DPRK scholar admits currency reform goal was expanded public finances

Institute for Far Eastern Studies (IFES)
NK Brief No.10-01-29-1

The director of the (North) Korea Institute of Social Sciences has publically stated that the shocking currency reforms announced last November were aimed at filling the state’s public finance coffers.

In an interview for the Choson Sinbo, a newspaper distributed by the pro-North ‘General Association of Korean Residents in Japan,’ director Kim Cheol Jun revealed, “[last year’s] currency exchange program in [North Korea] was effectively carried out…through the currency exchange, socialist economic management principles could be better realized and a public finance foundation was prepared on which leaping advancements in the lives of the people will be achieved.”

Many experts in South Korea and abroad had speculated that the North’s objective in revamping its currency was to boost public coffers, but this was the first time that anyone from North Korea had publicly alluded to such goal. Director Kim stated that last year was a year ‘carved into history’ as the year in which the nation was turned around toward the realization of the goals set for 2012, noting that new seeds had been developed to boost crop yields, and that double- and triple-cropping as well as improved potato and bean crops had been accomplished.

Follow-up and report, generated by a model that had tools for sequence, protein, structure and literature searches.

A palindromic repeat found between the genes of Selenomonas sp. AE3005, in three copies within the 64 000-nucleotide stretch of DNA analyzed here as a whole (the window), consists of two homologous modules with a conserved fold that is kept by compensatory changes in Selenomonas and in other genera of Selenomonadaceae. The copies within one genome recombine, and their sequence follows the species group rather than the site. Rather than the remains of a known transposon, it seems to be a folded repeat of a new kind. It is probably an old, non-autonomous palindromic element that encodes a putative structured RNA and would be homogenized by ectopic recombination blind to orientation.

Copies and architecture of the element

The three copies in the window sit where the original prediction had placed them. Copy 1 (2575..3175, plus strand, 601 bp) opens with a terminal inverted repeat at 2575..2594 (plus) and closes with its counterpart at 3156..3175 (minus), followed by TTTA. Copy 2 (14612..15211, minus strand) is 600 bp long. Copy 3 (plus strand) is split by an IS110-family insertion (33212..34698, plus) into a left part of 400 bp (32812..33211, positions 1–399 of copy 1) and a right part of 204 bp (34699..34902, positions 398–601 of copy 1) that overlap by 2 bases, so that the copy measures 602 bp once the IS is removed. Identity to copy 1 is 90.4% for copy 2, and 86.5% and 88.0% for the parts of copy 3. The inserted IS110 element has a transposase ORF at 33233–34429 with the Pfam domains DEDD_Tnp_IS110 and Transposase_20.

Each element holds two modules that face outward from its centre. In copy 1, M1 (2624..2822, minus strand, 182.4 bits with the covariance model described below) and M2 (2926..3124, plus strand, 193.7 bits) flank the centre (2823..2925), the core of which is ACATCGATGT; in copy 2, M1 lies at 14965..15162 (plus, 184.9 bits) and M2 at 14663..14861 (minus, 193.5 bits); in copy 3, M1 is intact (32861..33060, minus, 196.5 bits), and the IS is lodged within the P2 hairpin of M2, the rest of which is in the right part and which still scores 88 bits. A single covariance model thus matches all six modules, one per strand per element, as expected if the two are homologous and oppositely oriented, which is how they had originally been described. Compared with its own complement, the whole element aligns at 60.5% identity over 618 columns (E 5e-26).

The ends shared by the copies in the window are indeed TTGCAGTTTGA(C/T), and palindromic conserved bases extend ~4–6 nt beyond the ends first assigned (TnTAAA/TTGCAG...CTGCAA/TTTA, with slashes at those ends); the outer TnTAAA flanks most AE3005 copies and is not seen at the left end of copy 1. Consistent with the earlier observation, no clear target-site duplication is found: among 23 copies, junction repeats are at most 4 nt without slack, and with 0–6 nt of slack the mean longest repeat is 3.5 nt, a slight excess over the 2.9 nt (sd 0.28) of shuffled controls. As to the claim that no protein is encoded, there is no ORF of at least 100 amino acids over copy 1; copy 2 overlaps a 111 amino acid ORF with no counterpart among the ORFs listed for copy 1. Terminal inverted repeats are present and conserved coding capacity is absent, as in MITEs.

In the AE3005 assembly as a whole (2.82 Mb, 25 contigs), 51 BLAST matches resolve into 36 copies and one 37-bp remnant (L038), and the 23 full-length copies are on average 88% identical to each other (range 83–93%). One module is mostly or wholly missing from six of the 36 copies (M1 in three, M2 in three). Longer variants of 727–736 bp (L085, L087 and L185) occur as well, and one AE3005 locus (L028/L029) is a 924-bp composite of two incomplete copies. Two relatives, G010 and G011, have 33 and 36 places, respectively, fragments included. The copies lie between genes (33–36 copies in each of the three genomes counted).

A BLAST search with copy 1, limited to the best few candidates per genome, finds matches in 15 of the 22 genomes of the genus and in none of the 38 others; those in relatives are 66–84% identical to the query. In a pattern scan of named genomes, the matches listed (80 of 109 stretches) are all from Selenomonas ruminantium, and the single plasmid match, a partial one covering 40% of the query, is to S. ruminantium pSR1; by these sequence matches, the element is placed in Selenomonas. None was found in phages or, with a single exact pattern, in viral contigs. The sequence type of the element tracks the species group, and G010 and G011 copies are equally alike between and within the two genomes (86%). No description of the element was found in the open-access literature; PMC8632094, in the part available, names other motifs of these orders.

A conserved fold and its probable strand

Director Kim also stated that a decisive turn-around had been made in resolving food shortage problems, noting the successful development of Lyosell as one example of improved production in North Korea. Lyosell is a silk-like material made from wood pulp transformed into cellulose, and is softer and more hygroscopic than cotton, yet almost as strong as polyester.

Director Kim added that last year also saw the completion of the Yeoungwon Powerplant, the Yeaseong River No. 1 Youth Powerplant, and the Keumya River Powerplant, as well as the installation of Computer Numerical Control (CNC) systems in the Taean Heavy Machinery Complex, the Cheollima Steel Complex, and the Hyecheong Construction Machinery Factory.

Following the currency reform, there was a total lack of policy to stabilize the lives of the North Korean people, and the ban on foreign currency, closing of markets and other control measures only pushed residents to the brink. On December 28, North Korean authorities released a memorandum completely banning the use of foreign currency, and since the beginning of the new year, markets throughout the country have been closed, causing people in the North to turn to barter in order to obtain food. However, the schedule for the closing of markets varies by region, and the state authorities have been unable to enforce state-set pricing as the government has been faced with more than a little resistance to the currency reforms.


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